Photo by IAMKAT

Holland-based artist Blaudzun last week officially made his U.S. debut with new album Heavy Flowers. It is the third full-length for Johannes Sigmond, who played in several bands before venturing out solo as Blaudzun, a name inspired by a relatively unknown Danish cyclist.

In a new interview with Variance, the extremely talented Sigmond discusses the challenges he's faced, his thoughts on his upcoming SXSW debut and the advice that has brought him to this point in his career.

Heavy Flowers is out now via Krian Music Group. For tickets and more information on Blaudzun, go to his website.

What was the hardest part about putting Heavy Flowers together?

Most of the time when I write, I write all year—when I'm on tour and when I'm at home. I had gone to the studio over the summer and we decided not to work on it for 2-3 weeks, and that was a bad decision, because I went to France and the moment I stepped out of the car, these ideas came to me and I had no way to record them. I realized I shouldn't have taken a break. It was an awkward moment, but maybe it's a good thing.

You've said the writing process is a constant state of mind. You can't just flip a switch and sit down and write?

Yes, definitely, I can do that. But you have to schedule it. It's almost like when you work at an office and you start at 10 and then you stop at 5 or 6, and you call it a day. I definitely can do that, but in the process of getting new ideas and capturing melodies, that's something I can do on the road, but there has to be some hard labor too. There have to be long days and long hours devoted to it.

You're going to be at SXSW. What are you looking forward to most?

I haven't been to Austin. I've heard good stories about it. Last October, I did my first U.S. gig at the CMJ Festival. For me, to play is a great thing to do, and it actually doesn't matter if that's in the U.S. or elsewhere. But because SXSW is such a huge showcase festival, [and] very exciting bands are playing there, it has to be special. I do know that. But I have no real expectations. I know the experience will be great.

Your album is amazing—heartfelt, very genuine and ambitious. It pulls from so many genres and styles. Who else are you listening to, personally?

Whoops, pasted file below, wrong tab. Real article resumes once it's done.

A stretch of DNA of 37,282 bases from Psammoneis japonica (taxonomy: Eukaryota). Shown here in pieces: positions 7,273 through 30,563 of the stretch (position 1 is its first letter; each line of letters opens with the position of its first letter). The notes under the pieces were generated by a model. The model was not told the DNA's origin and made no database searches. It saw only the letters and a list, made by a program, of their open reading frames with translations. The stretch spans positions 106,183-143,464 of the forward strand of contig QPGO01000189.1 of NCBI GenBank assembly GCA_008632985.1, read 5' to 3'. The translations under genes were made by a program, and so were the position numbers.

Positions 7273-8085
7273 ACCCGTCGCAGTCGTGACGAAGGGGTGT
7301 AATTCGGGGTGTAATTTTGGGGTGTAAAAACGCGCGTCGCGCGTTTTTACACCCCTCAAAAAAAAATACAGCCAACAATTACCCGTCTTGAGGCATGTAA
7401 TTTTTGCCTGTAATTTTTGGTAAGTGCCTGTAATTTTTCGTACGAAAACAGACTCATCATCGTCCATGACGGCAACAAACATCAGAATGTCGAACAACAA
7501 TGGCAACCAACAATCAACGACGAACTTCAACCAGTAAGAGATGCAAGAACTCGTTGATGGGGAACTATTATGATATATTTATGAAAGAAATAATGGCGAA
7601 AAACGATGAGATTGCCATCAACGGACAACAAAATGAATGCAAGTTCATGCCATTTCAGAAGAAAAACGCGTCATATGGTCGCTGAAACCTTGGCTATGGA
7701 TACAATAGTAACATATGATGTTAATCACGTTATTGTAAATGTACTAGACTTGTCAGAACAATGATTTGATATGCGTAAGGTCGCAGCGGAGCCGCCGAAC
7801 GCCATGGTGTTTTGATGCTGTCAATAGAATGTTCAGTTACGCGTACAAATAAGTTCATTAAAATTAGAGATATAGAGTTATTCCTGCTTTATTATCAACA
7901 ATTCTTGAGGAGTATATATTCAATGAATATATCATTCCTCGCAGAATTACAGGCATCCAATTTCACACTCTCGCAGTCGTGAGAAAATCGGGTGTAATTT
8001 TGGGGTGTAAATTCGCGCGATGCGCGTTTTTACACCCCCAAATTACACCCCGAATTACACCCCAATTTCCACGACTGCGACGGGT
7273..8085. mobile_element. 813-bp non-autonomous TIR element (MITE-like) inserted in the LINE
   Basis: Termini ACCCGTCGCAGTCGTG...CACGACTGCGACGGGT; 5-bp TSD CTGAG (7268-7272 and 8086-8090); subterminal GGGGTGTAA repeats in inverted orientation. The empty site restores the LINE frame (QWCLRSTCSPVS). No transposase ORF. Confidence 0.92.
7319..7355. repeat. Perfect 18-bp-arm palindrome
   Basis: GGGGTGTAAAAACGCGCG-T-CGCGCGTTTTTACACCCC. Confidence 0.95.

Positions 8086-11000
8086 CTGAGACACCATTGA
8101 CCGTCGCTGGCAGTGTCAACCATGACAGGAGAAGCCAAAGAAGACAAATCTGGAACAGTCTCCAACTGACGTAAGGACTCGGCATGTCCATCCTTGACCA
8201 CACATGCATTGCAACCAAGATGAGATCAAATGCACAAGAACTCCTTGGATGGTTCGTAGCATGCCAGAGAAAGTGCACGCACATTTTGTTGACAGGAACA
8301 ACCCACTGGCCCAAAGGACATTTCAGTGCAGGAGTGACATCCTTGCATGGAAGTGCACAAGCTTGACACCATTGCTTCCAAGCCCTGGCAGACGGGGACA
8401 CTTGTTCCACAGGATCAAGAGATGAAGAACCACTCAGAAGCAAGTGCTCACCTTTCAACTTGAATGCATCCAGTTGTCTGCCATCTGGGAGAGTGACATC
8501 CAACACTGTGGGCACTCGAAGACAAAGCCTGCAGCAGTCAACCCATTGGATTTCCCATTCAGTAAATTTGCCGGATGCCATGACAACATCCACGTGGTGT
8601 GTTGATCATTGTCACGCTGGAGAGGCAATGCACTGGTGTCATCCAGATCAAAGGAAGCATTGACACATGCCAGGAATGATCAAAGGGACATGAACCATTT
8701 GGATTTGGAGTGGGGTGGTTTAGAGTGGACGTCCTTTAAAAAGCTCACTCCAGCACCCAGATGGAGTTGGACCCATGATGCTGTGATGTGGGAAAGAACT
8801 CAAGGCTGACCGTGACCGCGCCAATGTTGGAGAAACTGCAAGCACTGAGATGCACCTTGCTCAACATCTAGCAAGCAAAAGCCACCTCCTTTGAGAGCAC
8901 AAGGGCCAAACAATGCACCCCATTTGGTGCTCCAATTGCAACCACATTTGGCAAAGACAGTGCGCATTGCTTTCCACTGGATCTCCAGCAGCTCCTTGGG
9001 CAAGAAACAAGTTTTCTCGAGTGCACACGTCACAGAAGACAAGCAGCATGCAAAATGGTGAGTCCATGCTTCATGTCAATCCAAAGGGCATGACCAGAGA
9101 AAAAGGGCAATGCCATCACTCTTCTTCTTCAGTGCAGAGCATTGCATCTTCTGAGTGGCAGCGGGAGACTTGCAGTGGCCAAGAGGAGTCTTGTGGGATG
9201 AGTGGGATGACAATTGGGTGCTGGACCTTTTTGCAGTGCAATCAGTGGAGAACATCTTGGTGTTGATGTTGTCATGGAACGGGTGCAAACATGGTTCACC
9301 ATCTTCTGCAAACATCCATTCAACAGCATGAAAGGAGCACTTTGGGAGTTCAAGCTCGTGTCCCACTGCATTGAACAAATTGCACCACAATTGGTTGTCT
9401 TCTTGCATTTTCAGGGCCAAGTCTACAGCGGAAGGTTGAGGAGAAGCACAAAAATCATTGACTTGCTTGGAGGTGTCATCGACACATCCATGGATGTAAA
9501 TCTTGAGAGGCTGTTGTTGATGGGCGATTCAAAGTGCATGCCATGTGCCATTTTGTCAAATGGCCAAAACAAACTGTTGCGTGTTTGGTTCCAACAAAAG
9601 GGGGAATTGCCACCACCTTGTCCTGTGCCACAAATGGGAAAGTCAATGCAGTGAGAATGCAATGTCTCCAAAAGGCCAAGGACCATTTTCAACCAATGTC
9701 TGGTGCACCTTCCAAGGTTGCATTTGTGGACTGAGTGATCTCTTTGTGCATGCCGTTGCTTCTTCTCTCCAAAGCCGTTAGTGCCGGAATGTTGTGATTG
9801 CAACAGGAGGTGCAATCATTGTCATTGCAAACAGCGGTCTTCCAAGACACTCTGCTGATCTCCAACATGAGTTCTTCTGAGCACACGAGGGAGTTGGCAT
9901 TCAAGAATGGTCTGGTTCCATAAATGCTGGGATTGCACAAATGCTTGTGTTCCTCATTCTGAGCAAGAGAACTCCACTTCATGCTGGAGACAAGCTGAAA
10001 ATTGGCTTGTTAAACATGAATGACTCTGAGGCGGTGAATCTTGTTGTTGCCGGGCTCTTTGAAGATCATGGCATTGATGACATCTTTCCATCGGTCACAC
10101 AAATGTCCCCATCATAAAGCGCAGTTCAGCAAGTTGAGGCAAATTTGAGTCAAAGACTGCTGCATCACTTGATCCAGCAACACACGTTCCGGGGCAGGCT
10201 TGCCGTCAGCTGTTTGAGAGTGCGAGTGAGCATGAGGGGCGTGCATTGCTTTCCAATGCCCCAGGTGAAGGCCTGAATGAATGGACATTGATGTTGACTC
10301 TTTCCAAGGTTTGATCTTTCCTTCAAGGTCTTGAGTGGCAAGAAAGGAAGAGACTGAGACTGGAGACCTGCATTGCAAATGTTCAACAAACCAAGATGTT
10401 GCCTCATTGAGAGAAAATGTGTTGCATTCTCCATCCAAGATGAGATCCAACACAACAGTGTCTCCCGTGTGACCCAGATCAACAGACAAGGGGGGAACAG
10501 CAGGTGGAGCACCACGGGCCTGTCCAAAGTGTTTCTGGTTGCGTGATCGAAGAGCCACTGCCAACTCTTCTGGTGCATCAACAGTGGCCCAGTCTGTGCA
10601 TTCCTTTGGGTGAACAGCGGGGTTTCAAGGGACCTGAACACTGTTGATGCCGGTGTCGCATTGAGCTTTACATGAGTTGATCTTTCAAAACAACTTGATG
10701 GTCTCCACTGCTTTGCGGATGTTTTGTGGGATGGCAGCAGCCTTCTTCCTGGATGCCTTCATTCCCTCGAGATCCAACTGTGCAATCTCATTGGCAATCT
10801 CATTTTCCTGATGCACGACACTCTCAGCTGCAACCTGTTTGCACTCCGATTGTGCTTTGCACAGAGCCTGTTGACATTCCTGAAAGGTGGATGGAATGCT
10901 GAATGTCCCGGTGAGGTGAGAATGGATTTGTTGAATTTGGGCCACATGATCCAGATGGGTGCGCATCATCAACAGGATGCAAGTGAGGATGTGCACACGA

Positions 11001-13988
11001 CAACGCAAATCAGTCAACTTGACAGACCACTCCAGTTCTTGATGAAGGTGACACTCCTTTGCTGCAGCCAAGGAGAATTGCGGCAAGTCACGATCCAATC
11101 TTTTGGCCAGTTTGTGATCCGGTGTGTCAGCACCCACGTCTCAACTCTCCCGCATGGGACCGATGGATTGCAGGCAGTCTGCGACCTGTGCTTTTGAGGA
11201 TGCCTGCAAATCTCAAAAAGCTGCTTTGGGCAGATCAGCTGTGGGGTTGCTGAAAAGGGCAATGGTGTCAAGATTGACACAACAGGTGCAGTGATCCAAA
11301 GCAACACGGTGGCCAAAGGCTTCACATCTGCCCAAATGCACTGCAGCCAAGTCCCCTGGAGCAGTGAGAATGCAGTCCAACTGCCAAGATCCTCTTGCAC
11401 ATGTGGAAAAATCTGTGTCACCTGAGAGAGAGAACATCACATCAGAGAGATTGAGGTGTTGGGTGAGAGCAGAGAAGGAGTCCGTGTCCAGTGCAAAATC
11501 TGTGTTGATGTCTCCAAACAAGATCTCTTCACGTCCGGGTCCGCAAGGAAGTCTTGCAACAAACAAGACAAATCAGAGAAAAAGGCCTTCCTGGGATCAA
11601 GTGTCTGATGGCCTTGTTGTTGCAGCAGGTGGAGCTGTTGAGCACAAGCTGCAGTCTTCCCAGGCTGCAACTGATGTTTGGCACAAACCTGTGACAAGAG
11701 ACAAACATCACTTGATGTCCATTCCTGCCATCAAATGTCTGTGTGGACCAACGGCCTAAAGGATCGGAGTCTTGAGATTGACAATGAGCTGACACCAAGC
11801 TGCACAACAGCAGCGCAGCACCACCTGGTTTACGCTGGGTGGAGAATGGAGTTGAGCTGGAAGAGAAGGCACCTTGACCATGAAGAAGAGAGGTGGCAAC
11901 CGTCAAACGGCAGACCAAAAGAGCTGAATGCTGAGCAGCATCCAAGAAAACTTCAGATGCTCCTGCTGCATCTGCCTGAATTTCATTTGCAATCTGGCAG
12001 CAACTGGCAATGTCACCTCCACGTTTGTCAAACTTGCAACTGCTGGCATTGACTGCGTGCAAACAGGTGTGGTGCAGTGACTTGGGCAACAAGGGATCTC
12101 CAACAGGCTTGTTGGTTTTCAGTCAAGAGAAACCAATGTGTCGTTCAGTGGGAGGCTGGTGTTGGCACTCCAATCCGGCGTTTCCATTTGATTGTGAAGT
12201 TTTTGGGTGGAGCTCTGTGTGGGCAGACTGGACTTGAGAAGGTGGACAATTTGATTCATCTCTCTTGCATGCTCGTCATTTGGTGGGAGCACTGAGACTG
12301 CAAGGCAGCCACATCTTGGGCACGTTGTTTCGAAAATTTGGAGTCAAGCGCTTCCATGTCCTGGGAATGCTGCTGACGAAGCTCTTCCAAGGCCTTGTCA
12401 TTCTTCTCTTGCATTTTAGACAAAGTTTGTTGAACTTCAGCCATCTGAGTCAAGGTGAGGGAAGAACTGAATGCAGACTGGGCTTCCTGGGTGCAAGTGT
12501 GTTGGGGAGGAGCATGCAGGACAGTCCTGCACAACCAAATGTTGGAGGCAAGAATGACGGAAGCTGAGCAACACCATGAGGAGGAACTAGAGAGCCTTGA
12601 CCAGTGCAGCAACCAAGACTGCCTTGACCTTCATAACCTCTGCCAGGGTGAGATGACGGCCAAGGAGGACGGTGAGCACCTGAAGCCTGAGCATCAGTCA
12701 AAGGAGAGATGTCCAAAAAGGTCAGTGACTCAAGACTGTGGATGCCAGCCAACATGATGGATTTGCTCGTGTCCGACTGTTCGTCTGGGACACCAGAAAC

I'm really into lots of different styles of music. I grew up listening to Bob Dylan and Johnny Cash, but I'm a huge David Bowie fan also. I love [Bruce] Springsteen. But I've also been listening to the King of Rock album by Run-D.M.C. It doesn't really matter. Good music comes in lots of different styles. Also in the classical world, and lots of Spanish and Portuguese folk musicals. So it depends on my mood. I also just discovered—the whole world did I suppose—that documentary Searching For Sugar Man. It's great.

In your career so far, what is some of the best advice that you feel has gotten you to this point?

Best advice? Before this third album, I did lots of different projects and lots of different alternative rock bands. I think the best advice anyone ever gave me was to do your own thing and don't compromise. That's also the reason that I quit those bands, and I started to concentrate on my own songs. Just me and the guitar. It slowly evolved, and I usually bring six or seven musicians with me. In the end, it's a band when I perform live. But it's about not compromising your ideas, and if you're into your own songs, there just must be someone else who feels the same way. I don't know how big an audience, but if you like it, there have to be other people who do.

Debuting in the U.S. introduces you to a new audience. What's one thing you hope to accomplish crossing into the States?

It's good to get to know new audiences, and to get out there, but singing and making music is the best to do. When you sing and when you play, it gives you a kind of comfort in the darker periods of your life. That's the main reason I do what I do, is to achieve that level of consolation. I just love making music, and I love being able to share that with others.